Refiners turn in record performance for September
Nov 1, 2006 1:57 PM
Refiners in the United States pumped up the volume in September, producing more distillate than ever before and the highest levels of gasoline for the month, boosting inventories ahead of the winter, data compiled by the American Petroleum Institute shows.
In its Monthly Statistical Report covering September 2006, API noted that stockpiles of crude oil and refined products stood well above their five-year average for the month, thanks to extraordinary high imports and record domestic refinery production.
Distillate production averaged a record-high of nearly 4.4 million barrels per day in September, including nearly 2.6 million barrels per day of ultra-low sulfur diesel fuel, while gasoline output averaged 9.1 million barrels per day, the highest ever for September. Refinery capacity utilization averaged 93 percent, the highest for the month in three years.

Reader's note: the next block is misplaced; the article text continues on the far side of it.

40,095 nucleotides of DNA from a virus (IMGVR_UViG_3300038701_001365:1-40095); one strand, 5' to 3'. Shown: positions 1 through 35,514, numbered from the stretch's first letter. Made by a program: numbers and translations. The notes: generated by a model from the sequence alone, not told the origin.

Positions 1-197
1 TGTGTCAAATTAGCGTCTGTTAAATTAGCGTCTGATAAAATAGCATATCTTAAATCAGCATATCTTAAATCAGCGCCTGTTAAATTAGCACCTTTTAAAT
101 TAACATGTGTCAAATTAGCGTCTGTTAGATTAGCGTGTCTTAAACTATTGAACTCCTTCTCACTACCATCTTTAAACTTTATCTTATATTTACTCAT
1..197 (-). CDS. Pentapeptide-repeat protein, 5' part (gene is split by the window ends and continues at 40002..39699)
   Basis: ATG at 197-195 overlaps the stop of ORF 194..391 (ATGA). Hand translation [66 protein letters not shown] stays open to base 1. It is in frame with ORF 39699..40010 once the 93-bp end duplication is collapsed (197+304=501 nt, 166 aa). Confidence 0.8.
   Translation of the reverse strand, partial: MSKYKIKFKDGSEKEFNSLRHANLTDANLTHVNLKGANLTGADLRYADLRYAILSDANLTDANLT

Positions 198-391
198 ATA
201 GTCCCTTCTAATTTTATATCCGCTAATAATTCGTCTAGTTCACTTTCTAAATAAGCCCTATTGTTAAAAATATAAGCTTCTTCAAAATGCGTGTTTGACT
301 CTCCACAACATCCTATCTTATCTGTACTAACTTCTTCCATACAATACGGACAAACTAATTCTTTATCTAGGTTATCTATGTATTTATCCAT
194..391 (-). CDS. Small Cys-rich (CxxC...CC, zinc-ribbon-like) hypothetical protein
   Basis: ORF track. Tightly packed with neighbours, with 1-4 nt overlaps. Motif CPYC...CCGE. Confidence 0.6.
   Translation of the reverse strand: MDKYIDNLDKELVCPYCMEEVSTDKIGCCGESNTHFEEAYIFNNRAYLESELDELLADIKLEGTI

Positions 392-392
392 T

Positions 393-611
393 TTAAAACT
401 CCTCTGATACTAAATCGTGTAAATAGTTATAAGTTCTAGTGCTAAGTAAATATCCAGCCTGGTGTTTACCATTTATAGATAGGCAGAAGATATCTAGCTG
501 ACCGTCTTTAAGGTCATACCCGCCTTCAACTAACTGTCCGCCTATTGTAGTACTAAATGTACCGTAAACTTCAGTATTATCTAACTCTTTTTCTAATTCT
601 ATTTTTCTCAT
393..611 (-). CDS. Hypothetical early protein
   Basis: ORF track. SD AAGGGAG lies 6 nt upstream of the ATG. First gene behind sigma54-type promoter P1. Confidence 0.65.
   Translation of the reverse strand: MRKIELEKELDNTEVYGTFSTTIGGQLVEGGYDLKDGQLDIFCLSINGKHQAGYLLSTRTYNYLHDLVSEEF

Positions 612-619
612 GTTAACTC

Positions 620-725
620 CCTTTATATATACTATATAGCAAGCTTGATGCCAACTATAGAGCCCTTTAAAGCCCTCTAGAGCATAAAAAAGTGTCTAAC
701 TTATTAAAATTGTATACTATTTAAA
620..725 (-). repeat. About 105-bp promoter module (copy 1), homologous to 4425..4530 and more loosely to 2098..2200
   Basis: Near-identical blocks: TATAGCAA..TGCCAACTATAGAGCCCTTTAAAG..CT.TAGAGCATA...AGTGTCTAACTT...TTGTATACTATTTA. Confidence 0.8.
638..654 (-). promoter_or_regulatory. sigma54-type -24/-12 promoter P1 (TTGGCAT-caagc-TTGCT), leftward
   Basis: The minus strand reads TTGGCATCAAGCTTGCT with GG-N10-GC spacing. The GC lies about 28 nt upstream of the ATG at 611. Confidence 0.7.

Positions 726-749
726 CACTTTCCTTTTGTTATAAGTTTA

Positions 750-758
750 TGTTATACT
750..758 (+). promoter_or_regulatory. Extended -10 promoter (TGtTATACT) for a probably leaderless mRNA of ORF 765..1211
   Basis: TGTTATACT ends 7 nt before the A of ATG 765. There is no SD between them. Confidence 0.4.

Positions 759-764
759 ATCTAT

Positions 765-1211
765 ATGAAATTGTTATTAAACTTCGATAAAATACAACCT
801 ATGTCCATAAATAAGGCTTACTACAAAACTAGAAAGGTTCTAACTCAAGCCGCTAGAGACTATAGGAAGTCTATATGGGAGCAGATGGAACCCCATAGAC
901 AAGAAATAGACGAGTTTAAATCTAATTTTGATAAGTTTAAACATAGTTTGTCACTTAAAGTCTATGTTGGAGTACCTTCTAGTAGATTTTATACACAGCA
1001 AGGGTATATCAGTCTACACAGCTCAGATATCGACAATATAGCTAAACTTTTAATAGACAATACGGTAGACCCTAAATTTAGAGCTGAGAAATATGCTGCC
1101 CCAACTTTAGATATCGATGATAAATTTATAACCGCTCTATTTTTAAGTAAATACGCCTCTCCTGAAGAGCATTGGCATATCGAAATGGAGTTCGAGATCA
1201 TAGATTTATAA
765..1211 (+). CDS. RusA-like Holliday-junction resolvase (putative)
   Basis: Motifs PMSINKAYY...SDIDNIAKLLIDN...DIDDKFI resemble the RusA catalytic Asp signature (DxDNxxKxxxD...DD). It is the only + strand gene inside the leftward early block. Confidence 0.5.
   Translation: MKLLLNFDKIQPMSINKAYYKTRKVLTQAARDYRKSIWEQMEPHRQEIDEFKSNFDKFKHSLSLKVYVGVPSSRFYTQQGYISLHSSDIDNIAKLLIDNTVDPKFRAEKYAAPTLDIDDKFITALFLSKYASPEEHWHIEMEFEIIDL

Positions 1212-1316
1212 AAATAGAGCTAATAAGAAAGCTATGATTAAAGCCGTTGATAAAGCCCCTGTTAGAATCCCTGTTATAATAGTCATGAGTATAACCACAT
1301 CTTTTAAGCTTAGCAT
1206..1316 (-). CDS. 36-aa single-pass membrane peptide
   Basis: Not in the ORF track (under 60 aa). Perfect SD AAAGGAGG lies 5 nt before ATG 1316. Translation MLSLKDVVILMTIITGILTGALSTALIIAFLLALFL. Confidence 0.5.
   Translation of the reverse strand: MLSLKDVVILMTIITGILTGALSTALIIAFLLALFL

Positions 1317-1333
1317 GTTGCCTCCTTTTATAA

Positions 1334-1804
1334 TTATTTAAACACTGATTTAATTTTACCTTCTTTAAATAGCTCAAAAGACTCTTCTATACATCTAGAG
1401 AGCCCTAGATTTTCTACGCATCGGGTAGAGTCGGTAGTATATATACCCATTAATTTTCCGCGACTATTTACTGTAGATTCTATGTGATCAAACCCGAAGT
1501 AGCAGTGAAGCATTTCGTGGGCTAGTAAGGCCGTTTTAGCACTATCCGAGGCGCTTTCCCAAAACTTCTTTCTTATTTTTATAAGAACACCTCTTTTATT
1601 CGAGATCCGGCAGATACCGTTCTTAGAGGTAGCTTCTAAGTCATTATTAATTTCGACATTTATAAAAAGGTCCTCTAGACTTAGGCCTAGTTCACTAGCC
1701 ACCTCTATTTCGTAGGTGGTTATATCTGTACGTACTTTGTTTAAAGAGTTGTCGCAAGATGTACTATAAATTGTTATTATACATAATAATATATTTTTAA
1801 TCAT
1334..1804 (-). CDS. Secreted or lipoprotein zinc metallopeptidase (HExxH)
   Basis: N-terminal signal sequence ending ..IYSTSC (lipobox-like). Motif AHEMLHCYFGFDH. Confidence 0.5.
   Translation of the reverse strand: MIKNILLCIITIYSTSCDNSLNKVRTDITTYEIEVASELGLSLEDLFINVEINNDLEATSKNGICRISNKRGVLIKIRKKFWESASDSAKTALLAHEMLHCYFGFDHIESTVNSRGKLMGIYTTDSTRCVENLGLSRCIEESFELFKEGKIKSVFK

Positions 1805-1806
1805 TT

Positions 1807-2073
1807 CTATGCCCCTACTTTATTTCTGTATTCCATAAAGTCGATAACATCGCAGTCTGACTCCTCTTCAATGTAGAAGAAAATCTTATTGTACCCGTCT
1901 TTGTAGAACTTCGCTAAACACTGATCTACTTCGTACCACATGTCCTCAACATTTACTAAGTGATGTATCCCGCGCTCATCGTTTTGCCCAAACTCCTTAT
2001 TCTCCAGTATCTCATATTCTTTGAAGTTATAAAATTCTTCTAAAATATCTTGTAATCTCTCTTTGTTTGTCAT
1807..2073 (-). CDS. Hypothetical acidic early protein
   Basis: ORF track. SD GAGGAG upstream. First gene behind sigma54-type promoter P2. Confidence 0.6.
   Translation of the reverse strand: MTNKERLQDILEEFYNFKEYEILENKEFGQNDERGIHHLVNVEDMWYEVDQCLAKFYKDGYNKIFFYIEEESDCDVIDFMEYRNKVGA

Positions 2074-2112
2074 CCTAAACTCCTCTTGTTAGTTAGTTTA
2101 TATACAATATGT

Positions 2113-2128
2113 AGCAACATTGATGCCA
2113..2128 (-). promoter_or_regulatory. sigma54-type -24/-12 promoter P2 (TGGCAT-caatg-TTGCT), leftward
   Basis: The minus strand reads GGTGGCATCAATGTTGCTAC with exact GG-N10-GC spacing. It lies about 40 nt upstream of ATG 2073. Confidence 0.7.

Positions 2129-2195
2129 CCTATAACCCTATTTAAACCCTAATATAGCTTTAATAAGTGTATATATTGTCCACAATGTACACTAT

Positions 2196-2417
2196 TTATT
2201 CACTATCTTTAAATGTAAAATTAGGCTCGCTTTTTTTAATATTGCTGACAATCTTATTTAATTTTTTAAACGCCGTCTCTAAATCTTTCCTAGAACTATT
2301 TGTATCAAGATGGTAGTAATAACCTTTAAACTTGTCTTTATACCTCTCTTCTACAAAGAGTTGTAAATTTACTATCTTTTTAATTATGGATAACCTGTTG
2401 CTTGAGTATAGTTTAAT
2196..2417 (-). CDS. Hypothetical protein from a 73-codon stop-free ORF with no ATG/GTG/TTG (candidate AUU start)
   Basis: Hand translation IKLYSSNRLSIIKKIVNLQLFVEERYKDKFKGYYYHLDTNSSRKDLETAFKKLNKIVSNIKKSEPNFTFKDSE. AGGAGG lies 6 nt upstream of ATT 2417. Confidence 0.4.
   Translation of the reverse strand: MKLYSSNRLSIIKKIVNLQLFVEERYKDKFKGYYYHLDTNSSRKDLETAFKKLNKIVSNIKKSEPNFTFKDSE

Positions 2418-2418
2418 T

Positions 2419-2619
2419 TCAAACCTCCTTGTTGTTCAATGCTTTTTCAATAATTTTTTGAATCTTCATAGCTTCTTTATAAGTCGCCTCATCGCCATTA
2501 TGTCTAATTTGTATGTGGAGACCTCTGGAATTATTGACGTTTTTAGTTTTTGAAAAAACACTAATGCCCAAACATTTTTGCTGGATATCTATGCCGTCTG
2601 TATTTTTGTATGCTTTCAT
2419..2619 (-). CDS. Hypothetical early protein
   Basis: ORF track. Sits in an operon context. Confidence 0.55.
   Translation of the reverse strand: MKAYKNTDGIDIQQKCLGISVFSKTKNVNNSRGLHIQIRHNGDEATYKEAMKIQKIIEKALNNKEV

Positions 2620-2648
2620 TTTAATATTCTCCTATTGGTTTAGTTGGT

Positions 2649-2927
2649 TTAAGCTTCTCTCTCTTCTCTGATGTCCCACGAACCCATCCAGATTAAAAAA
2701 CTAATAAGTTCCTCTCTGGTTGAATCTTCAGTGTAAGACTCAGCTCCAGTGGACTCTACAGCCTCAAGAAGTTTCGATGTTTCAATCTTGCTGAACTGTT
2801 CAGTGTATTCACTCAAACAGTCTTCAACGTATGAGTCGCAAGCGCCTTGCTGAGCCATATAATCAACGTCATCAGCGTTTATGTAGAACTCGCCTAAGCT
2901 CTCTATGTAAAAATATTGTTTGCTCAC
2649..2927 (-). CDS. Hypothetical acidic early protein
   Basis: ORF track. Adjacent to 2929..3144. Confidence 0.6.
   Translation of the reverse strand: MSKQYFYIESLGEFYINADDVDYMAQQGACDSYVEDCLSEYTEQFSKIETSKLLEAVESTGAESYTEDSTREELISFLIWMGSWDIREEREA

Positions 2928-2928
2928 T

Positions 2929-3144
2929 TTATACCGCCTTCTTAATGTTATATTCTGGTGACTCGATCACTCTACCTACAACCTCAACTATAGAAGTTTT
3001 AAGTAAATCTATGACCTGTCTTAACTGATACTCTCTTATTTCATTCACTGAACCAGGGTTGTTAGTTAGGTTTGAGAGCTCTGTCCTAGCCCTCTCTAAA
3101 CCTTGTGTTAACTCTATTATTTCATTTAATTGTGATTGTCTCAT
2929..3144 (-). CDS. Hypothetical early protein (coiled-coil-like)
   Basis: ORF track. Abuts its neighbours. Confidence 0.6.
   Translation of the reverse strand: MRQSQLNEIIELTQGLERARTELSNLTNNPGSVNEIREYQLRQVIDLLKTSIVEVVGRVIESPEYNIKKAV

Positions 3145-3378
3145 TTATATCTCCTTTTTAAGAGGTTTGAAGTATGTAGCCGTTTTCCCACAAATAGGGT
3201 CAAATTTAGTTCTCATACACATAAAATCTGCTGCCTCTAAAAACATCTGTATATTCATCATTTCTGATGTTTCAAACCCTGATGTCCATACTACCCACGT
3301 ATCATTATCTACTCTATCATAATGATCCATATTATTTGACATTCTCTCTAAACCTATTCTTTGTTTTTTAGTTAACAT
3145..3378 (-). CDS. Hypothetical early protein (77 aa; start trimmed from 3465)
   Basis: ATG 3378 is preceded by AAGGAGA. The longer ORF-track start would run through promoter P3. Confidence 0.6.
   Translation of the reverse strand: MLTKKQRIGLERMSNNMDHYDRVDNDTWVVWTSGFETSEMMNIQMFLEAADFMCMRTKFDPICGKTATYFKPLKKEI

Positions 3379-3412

According to the report, September crude oil imports were the highest ever, at 10.9 million barrels per day. This contrasted sharply with crude imports in September a year ago, when refinery demand for crude oil was hobbled by the hurricanes that hit the Gulf Coast. The result was a year-to-year increase in crude oil imports for this September of more than 19 percent.
Meanwhile, strong domestic refinery output of products in the more recent period reversed last September's then-record product imports that had helped offset the loss of domestic supply capability. September 2006 product imports fell nearly 18 percent from one year earlier though the 3.4 million barrels per day of product imports were roughly in line with year-to-date results.
Domestic refined product deliveries, a measure of demand, experienced a rare year-to-year increase, if only because demand in September a year ago was diminished for some products by the impact of Hurricanes Katrina and Rita on supplies and prices. September 2006 gasoline deliveries, in particular, showed an increase of more than four percent, though Planting estimated that had year-ago deliveries not been affected by the hurricane impact, this September's gasoline deliveries would have shown an increase of a little more than two percent, still relatively strong growth compared with recent past months, occurring at a time when retail gasoline prices have been falling dramatically, the report said.
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